STEM is an acronym for “Science, Technology, Engineering, and Math”. While each discipline is, in some sense, a standalone field, it can be argued that the “T” may be the best reference point by which STEM can be understood as being more than the sum of disparate parts. In fact, all STEM careers and innovations find their common thread in Technology.
1. Science – The most common blend of science and technology is found in physics or chemistry. However, applied modern sciences, including genetics, are increasingly relying on technologies to provide new information about century old processes. For example, the refinement of the Polymerase Chain Reaction (PCR) technique in the mid-1980s, which acts as a DNA replicator, was not invented in a vacuum. That is, with the rise of computer-aided technology in the 1980s coupled with progressive genetic insights, the first thermocycling machine, the rapid duplicator of the PCR technique, was born. With the capacity to create billions of DNA pieces at once, the thermocycling machine had tremendous implications for forensic science and the identification of genetic defects. While biotechnology has certainly made even greater strides within the last decade, the inception of the technology boom paired with scientific advancements proves that any developments within both the broad and narrow scopes of science cannot be disentangled from the influence of technology.
2. Engineering – The immediate impact of engineering as affected by technology can be easily observed in the gradually shortened timespans between the planning, construction, and finishing phases of producing corporate buildings, residential homes, and general infrastructure upgrades. Over the last 50 years, for example, the lifecycle of civil engineering has been radically transformed by e-mail, cell phones, and computer software, thereby making the entire lifecycle of planning a project and seeing it to fruition much shorter. The future of manufacturing is also being impacted by technology. Indeed, innovations in additive manufacturing and distributed manufacturing will enable engineers to make use of 3D and 4D printing to produce nano-scale computer parts, like processors, and maximize the production process by eliminating superfluous overhead found in centralized factories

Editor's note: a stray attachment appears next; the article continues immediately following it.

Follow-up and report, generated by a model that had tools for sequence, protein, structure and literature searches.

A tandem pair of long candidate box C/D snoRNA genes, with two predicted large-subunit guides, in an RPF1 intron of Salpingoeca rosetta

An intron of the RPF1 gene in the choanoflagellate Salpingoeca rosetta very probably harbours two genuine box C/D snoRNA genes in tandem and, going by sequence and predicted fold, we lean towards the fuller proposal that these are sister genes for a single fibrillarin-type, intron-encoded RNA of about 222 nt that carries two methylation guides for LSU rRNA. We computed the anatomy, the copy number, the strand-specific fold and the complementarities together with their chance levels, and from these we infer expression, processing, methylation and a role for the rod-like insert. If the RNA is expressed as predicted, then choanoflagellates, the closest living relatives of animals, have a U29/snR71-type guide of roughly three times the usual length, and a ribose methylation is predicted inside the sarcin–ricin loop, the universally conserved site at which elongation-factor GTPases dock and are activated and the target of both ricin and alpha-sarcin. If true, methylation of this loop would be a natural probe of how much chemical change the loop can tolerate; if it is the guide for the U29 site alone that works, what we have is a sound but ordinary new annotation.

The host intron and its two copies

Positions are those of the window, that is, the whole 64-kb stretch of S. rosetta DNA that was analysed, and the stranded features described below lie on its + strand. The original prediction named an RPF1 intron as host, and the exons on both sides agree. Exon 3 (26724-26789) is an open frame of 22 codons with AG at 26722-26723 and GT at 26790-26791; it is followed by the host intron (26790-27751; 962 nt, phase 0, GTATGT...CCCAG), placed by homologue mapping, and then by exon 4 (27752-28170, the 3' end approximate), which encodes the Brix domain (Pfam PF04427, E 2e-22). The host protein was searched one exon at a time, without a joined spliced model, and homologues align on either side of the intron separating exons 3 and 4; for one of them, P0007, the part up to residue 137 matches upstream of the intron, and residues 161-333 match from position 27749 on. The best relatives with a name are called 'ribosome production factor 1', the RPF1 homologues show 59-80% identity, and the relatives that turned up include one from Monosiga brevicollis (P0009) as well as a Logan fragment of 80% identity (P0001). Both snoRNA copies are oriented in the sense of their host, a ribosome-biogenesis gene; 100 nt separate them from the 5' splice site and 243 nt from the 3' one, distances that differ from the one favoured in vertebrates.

3. Math – Perhaps sharing the most integrated relationship, math and technology cannot be understood as isolated endeavors. This premise is decidedly verifiable; tablets, smart boards, graphing calculators, and other media items are almost ubiquitous in nearly every academic setting. Of course, correlative trends in math and technology are not relatively new inventions. Even with the Abacus and Fraction Circles, for example, seemingly dated learning tools, evidence of quantitative learning by way of mass-produced manipulatives reveal that tactile learning has long been influenced by technology, however rudimentary.
The question of importance is central to this discussion. Why is it so important to recognize technology as being inherently connected to all aspects of STEM? Unfortunately, as cliché as this statement may be, even when thinking about STEM, it oftentimes easy to miss the forest for the trees. Recognizing the express impact that technology has on every STEM principle and invention will help students experience a more robust and meaningful education. Perhaps the universal question that every student has at some point, that is, “How will learning this (concept, application, unit) be relevant to my future decisions?”, can at least be partially satisfied by helping him or her see the tangible results produced by cross-disciplinary learning.
Written by Lindsay Reeves
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